The Campton Hills Plan Commission Monday will resume consideration of the Kiva Recovery Center, a private substance abuse facility proposed for a former boys school.
The meeting will be held at 6:30 p.m. at the Congregational United Church of Christ, 40W451 Fox Mill Blvd., and a report on water/sewer infrastructure and fire protection needs are expected to be presented to the commission, which makes recommendations to the village board.
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Residents have spoken out in past hearings in opposition to the plan to convert the former Glenwood School for Boys, 41W400 Silver Glen Road, into a 96-bed, inpatient treatment facility.
Some residents have said the facility would pose a safety risk, strain police and fire resources, be bad for the village's image and hurt property values.
A group has set up a website, stopkivarehab.com, in an effort to rally residents to pressure village trustees, who have the final say.
"We are a village now. We can stop this type of outside, negative influence from coming to the community we live in and love," the website states.
Repeated emails to the site and phone messages to organizers were not returned this week.
The average stay for someone recovering from alcohol or drug addiction would be 30 to 60 days and the cost for a 30-day stay at the 120-acre campus would be $30,000, according to a FAQ section on the village of Campton Hills website.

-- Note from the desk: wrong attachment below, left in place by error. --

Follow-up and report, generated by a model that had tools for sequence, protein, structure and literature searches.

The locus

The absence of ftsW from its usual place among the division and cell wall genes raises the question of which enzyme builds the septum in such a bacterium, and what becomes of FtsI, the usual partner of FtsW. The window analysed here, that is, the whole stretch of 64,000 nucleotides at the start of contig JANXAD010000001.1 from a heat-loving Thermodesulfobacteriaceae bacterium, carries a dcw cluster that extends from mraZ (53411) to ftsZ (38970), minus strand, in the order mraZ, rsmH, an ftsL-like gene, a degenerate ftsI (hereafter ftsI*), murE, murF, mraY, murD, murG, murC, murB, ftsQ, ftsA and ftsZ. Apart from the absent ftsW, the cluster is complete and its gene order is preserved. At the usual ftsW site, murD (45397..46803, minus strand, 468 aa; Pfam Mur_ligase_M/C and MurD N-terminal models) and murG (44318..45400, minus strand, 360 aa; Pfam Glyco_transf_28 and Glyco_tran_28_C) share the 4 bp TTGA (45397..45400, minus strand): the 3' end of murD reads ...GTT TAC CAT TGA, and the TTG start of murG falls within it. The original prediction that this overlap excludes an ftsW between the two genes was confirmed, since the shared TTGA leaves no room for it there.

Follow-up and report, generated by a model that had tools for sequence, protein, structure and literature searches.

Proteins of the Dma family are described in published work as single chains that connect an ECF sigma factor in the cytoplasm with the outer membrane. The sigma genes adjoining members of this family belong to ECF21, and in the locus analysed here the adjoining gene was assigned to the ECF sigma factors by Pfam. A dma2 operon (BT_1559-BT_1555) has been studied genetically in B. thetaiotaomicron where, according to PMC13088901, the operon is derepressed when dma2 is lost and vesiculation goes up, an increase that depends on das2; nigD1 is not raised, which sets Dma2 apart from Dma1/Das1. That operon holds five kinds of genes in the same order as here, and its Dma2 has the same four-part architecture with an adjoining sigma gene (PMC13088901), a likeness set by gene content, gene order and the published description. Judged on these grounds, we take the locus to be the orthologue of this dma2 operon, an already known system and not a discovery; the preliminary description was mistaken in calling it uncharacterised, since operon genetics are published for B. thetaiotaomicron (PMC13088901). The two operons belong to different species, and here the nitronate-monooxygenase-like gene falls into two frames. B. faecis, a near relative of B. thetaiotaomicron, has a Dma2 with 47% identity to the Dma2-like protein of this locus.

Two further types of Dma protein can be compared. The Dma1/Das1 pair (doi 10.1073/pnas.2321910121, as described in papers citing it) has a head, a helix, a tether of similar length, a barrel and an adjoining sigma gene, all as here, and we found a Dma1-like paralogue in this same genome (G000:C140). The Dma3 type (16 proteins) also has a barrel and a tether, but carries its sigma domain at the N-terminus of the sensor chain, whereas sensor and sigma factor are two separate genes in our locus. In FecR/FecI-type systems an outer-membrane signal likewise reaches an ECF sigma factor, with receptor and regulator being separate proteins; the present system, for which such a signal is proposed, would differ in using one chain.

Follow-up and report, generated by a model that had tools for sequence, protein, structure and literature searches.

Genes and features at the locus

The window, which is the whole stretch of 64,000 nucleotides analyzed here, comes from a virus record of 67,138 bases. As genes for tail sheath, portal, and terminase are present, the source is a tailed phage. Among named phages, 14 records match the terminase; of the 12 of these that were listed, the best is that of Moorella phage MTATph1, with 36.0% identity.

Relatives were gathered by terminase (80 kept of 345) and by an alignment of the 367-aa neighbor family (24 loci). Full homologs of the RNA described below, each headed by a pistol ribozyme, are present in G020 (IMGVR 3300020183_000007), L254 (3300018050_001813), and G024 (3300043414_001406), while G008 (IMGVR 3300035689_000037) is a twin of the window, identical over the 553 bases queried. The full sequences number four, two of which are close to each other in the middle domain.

During public meetings in August and September, Kiva officials have portrayed the center as a voluntary, high-end treatment facility for professionals recovering from addictions to alcohol and drugs.
Patrick Griffin, an attorney representing the team proposing the Kiva Center, acknowledged this week that the facility is for substance abuse, so it could house recovering heroin and methamphetamine addicts.
But he noted that all clients taken to Kiva will have already gone through detox somewhere else.
"By the time people come to the facility, they're medically stable. They're not going to be going through withdrawal symptoms. What the facility will address is the addict. It's a complete program," Griffin said. "The high-end part of this facility is not that the addicts are more deserving. It's the nature of the treatment."
Griffin also said the management team has offered to pay a la carte fees for additional fire and ambulance service if demand is high or exceeds projections.
Opponents of the plan say the facility would be treating nearly 1,200 people a year.
Griffin said that if Kiva is approved, the owners hope to treat about 240 people the first year, assuming 30 full beds and 45-day stays.
By the fourth year, they hope to be operating at about 80 percent capacity, which would equate to about 600 people a year.
"When they begin, they're going to have a smaller number (of patients) and they're going to increase that number presumably because they have a good project," Griffin said.